Many homebuyers leave the closing a little shell-shocked and much lighter in the pocketbook. The last thing they need is a major appliance like the oven or the furnace going out just a few weeks after move in. The fix? A home warranty.

Or is it?

Many people swear by home warranties, and still others think they are a waste of money. What are the odds that you’ll have to replace the air conditioner within the first year of moving in, especially if the system is relatively new? While the odds are low, it also depends on many variables that may be outside the new homeowner’s control.

As with any major purchase, there are pros and cons to both sides. Let’s explore.


A home warranty will pay to fix or replace covered kitchen appliances, furnace, water heaters, ceiling fans, sump pumps, and other covered mechanicals. The cost is fairly reasonable (around $350-$500/year). If you want additional coverage, for another $100-$200 you can cover your washer/dryer,refrigerator, air conditioner, etc. What you are really buying is peace of mind. For a fairly small outlay of cash, you can protect yourself from potentially larger outlays of cash to repair or replace those mechanicals out of pocket. To cash-strapped new homeowners, this may seem like a dream come true.


You have to read the fine print and fully understand what is covered in the policy. Your claim will be denied if you submit a claim for a mechanical repair or replacement that is not specifically stated as covered in the policy. In addition, each system must be properly maintained – you will not be covered if negligence was the cause of the malfunction. If the warranty terms are not met, then the warranty company will deny the claim. You may have some idea from the inspection how well the mechanicals were maintained by the previous owner, but you won’t really know for sure until something breaks.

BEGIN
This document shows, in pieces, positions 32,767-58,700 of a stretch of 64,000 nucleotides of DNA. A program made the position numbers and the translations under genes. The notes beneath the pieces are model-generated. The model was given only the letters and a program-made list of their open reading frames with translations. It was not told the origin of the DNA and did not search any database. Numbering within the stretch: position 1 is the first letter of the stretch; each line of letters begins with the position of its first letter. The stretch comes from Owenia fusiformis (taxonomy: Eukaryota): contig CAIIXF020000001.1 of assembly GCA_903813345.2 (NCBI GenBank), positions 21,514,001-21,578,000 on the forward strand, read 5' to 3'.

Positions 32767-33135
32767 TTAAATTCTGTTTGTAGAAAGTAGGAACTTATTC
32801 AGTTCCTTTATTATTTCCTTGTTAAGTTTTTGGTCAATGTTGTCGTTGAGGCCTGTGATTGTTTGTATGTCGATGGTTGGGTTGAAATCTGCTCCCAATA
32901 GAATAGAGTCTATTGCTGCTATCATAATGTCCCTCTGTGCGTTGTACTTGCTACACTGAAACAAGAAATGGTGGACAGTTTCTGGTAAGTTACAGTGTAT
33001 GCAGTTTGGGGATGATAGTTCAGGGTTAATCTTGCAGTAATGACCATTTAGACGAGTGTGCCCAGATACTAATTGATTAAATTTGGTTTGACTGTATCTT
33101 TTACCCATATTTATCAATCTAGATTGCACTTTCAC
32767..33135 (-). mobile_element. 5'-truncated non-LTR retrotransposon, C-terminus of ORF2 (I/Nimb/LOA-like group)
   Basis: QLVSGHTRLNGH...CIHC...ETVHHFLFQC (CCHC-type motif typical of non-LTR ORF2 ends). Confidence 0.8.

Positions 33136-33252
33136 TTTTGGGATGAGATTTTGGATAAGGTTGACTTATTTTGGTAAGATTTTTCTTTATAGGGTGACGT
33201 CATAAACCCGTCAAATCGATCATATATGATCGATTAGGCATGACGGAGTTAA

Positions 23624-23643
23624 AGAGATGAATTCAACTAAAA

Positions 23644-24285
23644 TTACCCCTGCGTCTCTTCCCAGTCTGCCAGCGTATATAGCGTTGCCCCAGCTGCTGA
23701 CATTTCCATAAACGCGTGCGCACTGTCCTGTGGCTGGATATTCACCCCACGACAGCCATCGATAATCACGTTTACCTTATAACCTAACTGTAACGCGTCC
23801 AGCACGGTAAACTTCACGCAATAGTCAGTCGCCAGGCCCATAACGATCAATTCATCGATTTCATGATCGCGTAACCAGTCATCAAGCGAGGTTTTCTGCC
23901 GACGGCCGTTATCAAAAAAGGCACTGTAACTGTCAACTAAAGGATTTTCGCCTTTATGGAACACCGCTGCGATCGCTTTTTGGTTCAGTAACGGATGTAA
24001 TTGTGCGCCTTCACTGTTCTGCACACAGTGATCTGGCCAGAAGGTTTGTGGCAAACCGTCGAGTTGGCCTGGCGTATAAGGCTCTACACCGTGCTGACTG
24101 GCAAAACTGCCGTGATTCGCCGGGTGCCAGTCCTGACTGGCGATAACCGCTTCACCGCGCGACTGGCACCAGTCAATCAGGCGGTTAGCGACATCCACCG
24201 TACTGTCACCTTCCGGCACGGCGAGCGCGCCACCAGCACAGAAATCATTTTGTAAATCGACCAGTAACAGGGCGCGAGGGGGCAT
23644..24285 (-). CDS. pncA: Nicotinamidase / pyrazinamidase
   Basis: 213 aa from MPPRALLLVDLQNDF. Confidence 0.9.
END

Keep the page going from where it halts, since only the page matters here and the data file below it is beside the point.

Also, the warranty will likely not pay the entire cost. You will likely be responsible for the service fee charged by the repair person, and the warranty will pay for the cost of the repairs only. There is also the consideration that nothing at all will break, and you spent the money for nothing.

The Bottom Line

The decision to get a home warranty largely depends on you and your peace of mind. If you are very risk-averse, and would prefer to have some comfort in knowing you are at least partially covered should something break, then by all means, get the warranty. If you feel financially comfortable enough to handle unexpected outlays of cash, then you may consider the expense not worth it. In either case, know exactly what you are getting into and read the warranty fully, to avoid unfortunate surprises later.

When it comes to buying or selling your home, we are here to help answer any questions and guide you through a better understanding. Please do not hesitate to contact us at or phone us at 202.800.0800.



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